Re: Newbie Question

• To: mathgroup at smc.vnet.net
• Subject: [mg32731] Re: [mg32686] Newbie Question
• From: Tomas Garza <tgarza01 at prodigy.net.mx>
• Date: Thu, 7 Feb 2002 05:10:37 -0500 (EST)
• References: <200202060841.DAA02223@smc.vnet.net>
• Sender: owner-wri-mathgroup at wolfram.com

```I think it's a very good idea to throw Fortran away and get started with
Mathematica. Your problem may be solved in a number of ways using powerful
techniques in Mathematica. I herein propose one which illustrates - I hope -
the type of things that may be done. It is not the most elementary way, but
I think it's fast (as always, someone will turn up with something better,
but that's the way it goes in this MathGroup). The function perctDiffs
defined below will take a list of any dimensions and calculate the percent
differences between the n-th and the (n-m)-th elements for each column. I
only hope (since you said you were using financial time series) that you
have no zero elements; otherwise you'd have to slightly modify the routine
to avoid divisions by zero.

In[1]:=
perctDiffs[lst_List, m_Integer] := Module[{n, ker},
ker[n_Integer] := Prepend[Append[Table[0, {n - 1}], 1], -1];
ker[0] = {-1, 1};
(ListCorrelate[ker[m], #1]/Drop[#1, -m] & ) /@
Transpose[lst]]

I don't know what sort of lists you have (10^8 is really huge), but I tried
the function on a list of six columns by one million rows of random numbers

In[2]:=
lst = Table[Random[], {1000000}, {6}];
In[3]:=
Timing[perctDiffs[lst, 1]; ]
Out[3]=
{18.35 Second, Null}

and obtained the result for adjacent pairs in just over 18 seconds (my PC
runs at 800 MHz). It takes approximately the same time to calculate for
different lags. Time doesn't seem to be linear with list size, but I guess
this has to do with memory usage (?).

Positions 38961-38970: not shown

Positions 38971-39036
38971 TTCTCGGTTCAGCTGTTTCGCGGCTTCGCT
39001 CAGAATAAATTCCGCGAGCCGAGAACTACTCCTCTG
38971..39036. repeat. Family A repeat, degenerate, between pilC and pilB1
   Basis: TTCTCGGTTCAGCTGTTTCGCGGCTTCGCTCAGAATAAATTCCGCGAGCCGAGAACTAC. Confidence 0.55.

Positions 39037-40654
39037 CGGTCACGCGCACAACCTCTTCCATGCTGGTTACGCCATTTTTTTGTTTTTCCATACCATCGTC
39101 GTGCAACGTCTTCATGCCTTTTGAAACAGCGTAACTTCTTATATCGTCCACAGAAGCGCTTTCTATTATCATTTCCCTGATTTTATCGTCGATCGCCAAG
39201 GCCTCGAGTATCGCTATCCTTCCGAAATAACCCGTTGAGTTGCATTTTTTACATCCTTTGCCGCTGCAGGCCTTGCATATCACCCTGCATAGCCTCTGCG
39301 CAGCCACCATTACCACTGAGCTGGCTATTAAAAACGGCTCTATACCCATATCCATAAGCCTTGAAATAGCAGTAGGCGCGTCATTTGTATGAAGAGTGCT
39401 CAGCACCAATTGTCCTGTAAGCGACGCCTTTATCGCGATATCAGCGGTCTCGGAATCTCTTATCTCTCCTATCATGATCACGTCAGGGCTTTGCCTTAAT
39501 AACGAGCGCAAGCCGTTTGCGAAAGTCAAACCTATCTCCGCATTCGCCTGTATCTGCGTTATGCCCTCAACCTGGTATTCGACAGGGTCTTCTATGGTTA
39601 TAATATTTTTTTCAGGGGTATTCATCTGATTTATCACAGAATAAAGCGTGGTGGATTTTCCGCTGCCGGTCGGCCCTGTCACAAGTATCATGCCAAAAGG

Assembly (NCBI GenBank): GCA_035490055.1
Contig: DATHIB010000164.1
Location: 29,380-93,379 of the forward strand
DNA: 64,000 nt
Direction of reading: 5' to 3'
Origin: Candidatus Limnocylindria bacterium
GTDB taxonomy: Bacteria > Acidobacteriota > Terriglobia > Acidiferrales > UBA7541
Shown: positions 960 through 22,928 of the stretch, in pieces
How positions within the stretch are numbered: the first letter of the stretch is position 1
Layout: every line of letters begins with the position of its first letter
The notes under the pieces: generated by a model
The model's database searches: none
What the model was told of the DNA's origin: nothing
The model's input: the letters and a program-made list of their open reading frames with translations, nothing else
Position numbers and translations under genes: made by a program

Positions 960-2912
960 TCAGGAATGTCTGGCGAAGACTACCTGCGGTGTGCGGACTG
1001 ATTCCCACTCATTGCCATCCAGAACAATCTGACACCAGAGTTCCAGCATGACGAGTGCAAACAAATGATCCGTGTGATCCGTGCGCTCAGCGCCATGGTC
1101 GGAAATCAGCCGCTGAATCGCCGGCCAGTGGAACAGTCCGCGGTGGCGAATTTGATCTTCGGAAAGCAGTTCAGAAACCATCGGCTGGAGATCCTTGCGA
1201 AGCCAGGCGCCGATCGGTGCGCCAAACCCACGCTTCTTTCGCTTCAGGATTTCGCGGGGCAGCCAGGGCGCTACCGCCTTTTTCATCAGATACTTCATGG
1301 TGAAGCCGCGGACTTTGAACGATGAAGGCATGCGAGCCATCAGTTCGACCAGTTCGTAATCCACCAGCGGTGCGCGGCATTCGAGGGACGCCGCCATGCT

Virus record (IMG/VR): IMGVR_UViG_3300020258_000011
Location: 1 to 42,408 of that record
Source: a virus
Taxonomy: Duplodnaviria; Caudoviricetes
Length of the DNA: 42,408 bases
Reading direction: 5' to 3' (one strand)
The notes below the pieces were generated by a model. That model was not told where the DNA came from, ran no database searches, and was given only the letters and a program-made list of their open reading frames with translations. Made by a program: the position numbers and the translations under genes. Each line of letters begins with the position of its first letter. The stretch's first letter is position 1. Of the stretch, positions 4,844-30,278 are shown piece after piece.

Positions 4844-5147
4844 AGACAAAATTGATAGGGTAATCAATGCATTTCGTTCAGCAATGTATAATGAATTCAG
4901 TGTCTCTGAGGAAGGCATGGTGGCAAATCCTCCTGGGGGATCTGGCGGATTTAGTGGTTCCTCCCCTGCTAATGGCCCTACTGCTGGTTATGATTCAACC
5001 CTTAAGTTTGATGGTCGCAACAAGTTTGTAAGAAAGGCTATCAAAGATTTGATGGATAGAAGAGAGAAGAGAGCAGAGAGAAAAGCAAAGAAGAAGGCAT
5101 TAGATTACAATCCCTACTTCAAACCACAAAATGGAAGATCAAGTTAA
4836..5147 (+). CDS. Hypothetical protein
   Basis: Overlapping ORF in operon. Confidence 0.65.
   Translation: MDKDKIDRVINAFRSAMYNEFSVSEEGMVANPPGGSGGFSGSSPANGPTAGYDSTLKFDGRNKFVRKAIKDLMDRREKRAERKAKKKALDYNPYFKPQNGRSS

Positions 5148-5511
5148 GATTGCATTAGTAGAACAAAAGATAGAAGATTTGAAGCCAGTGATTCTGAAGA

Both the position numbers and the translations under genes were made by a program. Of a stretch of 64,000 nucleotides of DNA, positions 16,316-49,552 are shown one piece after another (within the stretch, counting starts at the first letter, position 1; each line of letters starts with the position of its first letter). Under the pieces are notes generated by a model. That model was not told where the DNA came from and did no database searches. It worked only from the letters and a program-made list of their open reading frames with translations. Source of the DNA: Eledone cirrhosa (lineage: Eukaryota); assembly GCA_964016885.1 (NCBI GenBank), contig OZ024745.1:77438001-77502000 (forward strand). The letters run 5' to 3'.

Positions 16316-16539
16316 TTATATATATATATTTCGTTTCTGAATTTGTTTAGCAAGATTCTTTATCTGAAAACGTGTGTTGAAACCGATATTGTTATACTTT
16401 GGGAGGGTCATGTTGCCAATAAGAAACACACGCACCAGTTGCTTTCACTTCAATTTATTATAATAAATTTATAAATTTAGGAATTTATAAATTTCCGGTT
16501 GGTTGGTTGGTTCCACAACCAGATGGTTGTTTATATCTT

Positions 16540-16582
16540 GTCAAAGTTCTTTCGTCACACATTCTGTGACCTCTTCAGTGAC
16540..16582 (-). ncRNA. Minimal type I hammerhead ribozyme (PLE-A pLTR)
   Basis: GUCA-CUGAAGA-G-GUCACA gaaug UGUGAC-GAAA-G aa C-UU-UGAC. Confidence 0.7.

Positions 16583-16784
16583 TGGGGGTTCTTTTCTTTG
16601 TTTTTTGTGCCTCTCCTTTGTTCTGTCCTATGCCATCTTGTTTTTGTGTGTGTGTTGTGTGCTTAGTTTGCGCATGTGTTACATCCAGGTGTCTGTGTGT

Tomas Garza
Mexico City

----- Original Message -----
From: "Brunsman, Kenneth J" <kbrunsman at ou.edu>
To: mathgroup at smc.vnet.net
Subject: [mg32731] [mg32686] Newbie Question

> Hello Group,
>
> I can't believe that I am asking this question, but ... I'm tired of
Fortran
> and find the symbolic part of Mathematica extremely useful.
>
> I have a list with Dimensions = {10,000, 6} and I need to find the Percent
> Difference between items in a column.
>
> I can parse out the column I need using Take [data [[All, Column #]]] ---
no
> big deal.  So far, so good.
>
> Now here's the problem --- How do I get % Differences between any of
10,000
> items in that list?  I need to take % Differences between adjacent pairs,
> i.e. n and n-1, as well as items n and n-m where m can range from 1 to
> 10,000.
>
> Further, I need to make sure that this code runs fast because I'm about to
> run this on a data set of 10^8 data points (financial times series).  I
> could do this standing on my head in Fortran, but I'm bound and determined
> to learn Mathematica if it takes the rest of my unnatural life.
>
> This is my first time attempting list processing and all I'm doing is
> screwing up royally.
>
> Help is greatly appreciated.
>
> Best to all,
>
> Ken Brunsman
>
> University of Oklahoma
> Michael F. Price College of Business
> Division of Management
> 307 W. Brooks, Room 205
> Norman, OK  73019-4006
>
> 405.325-5689
>

```

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